His grandfather smiled and said, just a minute. He left the room and returned with the Bible that had been presented to him when he was “raised” to Master Mason and a small ritual book the boy had no idea at the time what that meant. His grandfather said, “Come take look, there isn’t anything sinister about it and I can explain some of it for you.” The boy rebuked in the name of Jesus as he had been taught and refused to even gaze upon something from a Satanic cult for fear Satan could enter his heart through this seemingly innocuous tools. The breathless rebuking continued as his grandfather sat patiently for the boy to take a breath. When he did the grandfather spoke softly, “Son, the school I send you to is a good one. They have their beliefs and I have man. I am sending you there for your education, not mine. If you ever have an honest question about the Freemasons I will do my best to answer it for you, but I won’t argue with you and I won’t apologize for Masonry. It doesn’t need my arguing for it and it doesn’t need my apology. Now, you pay attention in that school of yours, but keep in mind that when it comes to faith, that is often a very personal journey and you shouldn’t be so quick to assume that so many people are going to hell.” His grandfather smiled another warm smile, got up from his seat, ruffled the young man’s hair a bit in a loving manner, and walked away. That was the end of the conversation. His grandfather passed never having resolved that issue with the young man.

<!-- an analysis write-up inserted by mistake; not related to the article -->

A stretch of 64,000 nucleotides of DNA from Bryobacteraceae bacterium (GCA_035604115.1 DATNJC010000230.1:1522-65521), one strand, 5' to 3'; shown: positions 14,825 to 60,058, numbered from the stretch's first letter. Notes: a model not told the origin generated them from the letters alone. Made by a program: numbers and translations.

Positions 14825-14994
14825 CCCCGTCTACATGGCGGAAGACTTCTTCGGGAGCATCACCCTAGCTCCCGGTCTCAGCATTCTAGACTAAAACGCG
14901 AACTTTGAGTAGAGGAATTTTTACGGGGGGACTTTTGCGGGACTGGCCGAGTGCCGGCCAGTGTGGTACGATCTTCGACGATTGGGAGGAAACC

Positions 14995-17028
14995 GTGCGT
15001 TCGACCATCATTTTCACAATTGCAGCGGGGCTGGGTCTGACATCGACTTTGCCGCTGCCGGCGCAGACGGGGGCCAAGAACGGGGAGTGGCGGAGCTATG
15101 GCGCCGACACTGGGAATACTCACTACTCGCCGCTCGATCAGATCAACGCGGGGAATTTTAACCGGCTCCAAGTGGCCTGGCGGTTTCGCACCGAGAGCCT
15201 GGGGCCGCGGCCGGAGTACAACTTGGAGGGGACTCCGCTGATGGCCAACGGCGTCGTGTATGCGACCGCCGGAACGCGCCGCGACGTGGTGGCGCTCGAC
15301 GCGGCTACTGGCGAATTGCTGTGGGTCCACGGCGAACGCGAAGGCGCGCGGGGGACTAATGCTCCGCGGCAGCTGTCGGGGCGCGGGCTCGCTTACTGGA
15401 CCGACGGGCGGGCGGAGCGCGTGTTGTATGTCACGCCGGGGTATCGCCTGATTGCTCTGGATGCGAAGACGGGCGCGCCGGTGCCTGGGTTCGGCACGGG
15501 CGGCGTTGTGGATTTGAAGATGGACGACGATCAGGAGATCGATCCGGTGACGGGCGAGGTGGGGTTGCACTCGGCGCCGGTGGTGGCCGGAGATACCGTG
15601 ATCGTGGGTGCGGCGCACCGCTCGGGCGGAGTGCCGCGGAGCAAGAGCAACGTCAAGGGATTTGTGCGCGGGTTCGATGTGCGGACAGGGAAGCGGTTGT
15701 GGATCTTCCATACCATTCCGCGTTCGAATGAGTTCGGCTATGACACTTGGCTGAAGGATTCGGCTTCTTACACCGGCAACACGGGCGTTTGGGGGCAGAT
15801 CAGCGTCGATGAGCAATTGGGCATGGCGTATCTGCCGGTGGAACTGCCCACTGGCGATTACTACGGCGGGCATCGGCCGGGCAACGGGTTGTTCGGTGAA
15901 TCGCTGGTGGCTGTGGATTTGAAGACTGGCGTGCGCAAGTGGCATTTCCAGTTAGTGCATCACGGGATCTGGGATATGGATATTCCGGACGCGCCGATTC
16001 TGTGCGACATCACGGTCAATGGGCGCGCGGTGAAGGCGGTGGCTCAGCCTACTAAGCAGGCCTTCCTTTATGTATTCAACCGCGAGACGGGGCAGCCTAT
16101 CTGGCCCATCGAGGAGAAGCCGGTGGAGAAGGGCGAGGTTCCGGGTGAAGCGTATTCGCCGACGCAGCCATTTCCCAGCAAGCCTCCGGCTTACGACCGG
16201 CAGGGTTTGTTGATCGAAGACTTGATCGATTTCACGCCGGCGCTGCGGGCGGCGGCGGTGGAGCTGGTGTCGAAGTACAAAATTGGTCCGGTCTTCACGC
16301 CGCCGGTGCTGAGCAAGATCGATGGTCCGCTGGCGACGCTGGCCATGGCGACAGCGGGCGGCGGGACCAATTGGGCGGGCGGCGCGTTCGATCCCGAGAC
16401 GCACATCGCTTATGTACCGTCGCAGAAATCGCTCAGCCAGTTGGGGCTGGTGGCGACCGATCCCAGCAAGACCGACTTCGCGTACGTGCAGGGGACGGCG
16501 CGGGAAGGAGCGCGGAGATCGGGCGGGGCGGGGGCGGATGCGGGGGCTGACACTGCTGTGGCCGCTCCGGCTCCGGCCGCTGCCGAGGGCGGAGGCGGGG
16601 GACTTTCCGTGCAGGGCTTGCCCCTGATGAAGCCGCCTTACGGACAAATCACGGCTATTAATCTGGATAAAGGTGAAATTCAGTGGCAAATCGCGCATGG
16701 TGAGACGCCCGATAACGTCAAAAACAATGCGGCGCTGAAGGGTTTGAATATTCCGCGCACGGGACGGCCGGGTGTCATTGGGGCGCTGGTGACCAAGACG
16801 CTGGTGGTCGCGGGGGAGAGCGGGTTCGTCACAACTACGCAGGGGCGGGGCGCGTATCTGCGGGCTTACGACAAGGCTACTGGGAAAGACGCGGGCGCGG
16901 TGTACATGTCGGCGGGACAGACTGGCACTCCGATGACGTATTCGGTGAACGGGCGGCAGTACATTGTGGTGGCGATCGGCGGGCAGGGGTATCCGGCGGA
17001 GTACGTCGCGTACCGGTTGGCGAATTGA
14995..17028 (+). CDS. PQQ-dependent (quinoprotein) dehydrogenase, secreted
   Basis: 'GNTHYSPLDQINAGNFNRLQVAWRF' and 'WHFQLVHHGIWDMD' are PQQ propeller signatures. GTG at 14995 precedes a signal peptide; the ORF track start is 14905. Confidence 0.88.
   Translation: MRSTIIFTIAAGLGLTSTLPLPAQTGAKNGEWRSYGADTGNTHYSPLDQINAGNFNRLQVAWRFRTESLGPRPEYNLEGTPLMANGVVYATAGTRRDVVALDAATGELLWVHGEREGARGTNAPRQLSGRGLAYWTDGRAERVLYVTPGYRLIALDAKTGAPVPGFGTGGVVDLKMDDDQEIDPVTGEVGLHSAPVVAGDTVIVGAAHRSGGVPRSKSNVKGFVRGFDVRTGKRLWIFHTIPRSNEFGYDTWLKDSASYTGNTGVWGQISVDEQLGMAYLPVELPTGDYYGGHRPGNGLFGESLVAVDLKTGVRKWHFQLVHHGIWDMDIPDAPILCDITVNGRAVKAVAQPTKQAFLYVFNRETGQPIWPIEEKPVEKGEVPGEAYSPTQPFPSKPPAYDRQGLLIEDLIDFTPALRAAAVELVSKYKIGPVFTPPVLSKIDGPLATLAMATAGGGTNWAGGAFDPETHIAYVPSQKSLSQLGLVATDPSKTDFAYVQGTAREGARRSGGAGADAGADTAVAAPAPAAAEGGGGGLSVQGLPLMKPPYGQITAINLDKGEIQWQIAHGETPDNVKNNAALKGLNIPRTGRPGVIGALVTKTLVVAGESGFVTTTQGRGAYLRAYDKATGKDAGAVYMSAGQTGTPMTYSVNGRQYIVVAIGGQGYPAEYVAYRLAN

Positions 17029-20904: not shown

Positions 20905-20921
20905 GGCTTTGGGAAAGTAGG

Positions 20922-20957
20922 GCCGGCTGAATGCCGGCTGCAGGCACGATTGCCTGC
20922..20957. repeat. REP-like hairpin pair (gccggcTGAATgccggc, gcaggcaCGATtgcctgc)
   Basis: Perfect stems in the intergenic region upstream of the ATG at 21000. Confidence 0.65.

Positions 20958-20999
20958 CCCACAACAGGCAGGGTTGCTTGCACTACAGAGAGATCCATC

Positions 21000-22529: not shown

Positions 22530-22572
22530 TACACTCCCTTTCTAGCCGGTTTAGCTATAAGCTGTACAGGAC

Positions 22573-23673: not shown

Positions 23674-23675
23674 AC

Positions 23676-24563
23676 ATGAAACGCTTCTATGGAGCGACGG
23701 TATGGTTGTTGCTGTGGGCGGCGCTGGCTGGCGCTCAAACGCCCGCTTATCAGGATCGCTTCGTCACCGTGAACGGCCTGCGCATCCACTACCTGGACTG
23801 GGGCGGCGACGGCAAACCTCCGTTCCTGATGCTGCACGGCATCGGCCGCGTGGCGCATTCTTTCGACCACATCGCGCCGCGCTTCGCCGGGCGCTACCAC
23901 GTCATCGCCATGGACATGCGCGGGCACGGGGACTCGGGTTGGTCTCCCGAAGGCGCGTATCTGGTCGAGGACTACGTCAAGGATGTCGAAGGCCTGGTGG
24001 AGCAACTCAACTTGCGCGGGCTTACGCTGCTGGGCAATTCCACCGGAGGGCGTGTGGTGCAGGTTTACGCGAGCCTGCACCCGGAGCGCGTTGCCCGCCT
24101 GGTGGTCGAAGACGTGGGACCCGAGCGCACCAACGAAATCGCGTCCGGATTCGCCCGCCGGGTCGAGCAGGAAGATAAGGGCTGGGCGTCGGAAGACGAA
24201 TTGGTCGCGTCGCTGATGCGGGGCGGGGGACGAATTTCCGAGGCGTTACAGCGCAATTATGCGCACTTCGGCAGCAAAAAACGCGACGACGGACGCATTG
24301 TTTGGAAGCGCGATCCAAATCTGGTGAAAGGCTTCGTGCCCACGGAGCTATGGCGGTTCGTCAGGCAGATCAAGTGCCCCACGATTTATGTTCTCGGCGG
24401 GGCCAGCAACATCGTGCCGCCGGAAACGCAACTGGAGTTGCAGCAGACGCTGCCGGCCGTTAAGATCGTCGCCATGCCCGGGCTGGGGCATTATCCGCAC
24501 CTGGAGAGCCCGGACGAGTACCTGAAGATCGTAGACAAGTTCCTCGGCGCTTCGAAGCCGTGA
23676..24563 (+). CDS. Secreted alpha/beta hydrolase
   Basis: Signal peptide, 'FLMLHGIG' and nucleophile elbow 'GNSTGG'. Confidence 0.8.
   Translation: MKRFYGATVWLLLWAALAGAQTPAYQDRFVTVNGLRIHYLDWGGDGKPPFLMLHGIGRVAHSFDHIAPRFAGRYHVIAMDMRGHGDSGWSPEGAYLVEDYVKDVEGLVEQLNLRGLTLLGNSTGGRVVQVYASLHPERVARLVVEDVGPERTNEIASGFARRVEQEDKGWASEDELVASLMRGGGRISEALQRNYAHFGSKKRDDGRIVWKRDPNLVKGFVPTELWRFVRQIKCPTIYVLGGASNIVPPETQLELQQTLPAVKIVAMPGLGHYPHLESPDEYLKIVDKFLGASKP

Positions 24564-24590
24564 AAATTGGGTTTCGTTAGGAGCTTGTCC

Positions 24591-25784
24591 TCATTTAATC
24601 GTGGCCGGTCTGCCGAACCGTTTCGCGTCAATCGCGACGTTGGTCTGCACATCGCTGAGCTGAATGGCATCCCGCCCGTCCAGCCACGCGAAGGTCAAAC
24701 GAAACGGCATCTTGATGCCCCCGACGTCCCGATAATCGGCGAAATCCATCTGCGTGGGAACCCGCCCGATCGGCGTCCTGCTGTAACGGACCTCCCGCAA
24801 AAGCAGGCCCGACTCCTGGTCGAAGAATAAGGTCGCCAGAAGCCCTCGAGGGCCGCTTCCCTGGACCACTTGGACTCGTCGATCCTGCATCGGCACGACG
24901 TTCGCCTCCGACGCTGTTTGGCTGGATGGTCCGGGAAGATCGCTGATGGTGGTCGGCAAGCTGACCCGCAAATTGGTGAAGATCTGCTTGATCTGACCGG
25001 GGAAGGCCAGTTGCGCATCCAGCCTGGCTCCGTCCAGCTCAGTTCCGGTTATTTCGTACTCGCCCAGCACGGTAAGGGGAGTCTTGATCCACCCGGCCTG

The young man joined the Army and would serve in the first Gulf War. This would continue to shape his views of the world and especially of Islam. War is a funny thing, in that you see the absolute best of people and the absolute worst on both sides, depending on which side you were on, it seemed to the young man, determined which parts for each side you chose to remember.

He would serve eight years in the Army before entering a career in law enforcement. By time he did, he was a strong icon of the conservative American White Anglo-Saxon Protestant. The world was a very black and white place for the young man. Republicans were good and Democrats were evil. Lutherans were good, everything else was not. He was very much on the road to fundamentalism and it was an easy and comfortable ride. He remembered attending a church group function where he was told, “Those who claim you should have an open mind are claiming this so that Satan has room to enter.”

Something continued to haunt him though. Why were so many of the men in his life that he loved and respected, a number of them were members of the same law enforcement department he had joined a month after leaving the military, members of the Freemasons? He would see their rings, their tie clips, and the like and they were all good men. How could so many be duped into a cult. The answer was simple. They were not duped and there was more to Masonry that met they eye.